The antagonist this time is the extremely effete Vaan, a wannabe air pirate. Becoming embroiled in a royal Civil War, due to the meeting with Crown Princess Ashe, Vaan has the chance to become the rebel he so desires to be. All together there are 6 different characters, which in typical FF fashion, are very outlandishly designed. There is Vaan, of course, and Ashe, the afore mentioned Princess. Balthier-the dapper gunman and Fran the Bunny Girl; sure to be the subject of a thousand distasteful fanfics. Penelope is Vaan’s nonromantic companion and Basch is an erstwhile Knight. Also listed in the character bios is Reks who is an unknown, and an evil Judge. As always the story elements are mostly secret, but I can tell you that while there is a war going on in Ivalice, the story is centered more on the concept of freedom, than war.

The same people who worked on FFX are handling the artistic aspect of the game, and it shows. “Subtle” is not a word that has ever been associated with the series and the garish designs and colors of this one are making sure that trend continues. The gorgeous backdrops are a little darker this time, with a definite tonal shift evident in the screenshots and videos.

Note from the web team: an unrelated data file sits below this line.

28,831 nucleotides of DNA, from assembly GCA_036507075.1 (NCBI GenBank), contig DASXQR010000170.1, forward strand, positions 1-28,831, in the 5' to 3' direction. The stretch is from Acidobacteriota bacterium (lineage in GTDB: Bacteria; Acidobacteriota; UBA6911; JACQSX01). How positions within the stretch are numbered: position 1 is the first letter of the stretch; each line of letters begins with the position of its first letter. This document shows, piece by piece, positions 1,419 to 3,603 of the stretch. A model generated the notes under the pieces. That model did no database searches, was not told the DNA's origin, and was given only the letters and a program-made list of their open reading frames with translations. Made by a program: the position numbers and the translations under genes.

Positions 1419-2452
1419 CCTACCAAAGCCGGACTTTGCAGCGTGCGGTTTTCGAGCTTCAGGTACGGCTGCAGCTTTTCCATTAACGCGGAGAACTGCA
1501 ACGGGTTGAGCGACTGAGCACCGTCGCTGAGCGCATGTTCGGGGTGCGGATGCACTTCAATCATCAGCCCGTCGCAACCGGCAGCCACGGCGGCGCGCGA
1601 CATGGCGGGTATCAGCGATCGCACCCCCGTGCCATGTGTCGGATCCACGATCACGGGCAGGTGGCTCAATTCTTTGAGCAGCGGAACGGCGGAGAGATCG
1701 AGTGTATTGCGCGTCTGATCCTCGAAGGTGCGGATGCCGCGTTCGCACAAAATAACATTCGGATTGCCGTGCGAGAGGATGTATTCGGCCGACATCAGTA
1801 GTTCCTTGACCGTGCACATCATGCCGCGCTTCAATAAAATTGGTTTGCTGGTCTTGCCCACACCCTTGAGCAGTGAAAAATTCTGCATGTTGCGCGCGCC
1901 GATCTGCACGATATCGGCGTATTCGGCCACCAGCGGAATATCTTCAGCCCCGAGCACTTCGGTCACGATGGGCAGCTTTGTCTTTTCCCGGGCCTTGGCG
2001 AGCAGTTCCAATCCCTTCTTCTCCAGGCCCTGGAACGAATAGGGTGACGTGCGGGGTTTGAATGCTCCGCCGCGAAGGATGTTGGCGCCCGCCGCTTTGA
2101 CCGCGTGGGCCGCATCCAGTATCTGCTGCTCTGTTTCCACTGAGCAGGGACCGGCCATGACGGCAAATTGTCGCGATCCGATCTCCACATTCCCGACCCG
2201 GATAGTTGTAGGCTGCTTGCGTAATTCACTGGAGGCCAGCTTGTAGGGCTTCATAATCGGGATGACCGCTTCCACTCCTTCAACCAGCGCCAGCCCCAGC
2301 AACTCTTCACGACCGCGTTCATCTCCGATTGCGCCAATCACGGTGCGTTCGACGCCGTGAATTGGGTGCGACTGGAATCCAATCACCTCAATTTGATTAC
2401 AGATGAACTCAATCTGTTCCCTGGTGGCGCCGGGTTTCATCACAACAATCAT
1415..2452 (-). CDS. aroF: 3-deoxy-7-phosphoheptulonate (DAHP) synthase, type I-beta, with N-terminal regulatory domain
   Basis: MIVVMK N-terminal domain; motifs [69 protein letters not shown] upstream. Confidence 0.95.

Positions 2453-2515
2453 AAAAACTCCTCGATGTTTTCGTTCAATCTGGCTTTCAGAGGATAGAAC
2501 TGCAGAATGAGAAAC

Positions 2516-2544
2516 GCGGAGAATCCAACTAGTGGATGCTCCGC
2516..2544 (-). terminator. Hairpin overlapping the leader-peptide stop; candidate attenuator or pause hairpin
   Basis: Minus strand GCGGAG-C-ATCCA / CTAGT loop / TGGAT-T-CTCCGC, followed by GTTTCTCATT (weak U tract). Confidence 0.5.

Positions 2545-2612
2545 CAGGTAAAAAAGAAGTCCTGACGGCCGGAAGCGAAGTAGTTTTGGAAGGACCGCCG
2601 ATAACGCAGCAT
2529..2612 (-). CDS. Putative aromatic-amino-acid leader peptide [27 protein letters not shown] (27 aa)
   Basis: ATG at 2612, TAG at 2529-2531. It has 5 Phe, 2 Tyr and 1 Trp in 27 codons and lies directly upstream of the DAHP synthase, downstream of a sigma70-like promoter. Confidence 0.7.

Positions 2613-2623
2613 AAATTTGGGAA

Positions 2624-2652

What does all this mean for the gamer? It means that grizzled veterans and newbies alike will find something to enjoy about FFXII. With all the freshness being injected into this most recent installment, even I can’t help but get a little excited about it. The tentative release date is that of around Christmas time, though I’ll bet you 1,000 gil that it’ll be delayed until early next year. Look here for updates as they become available.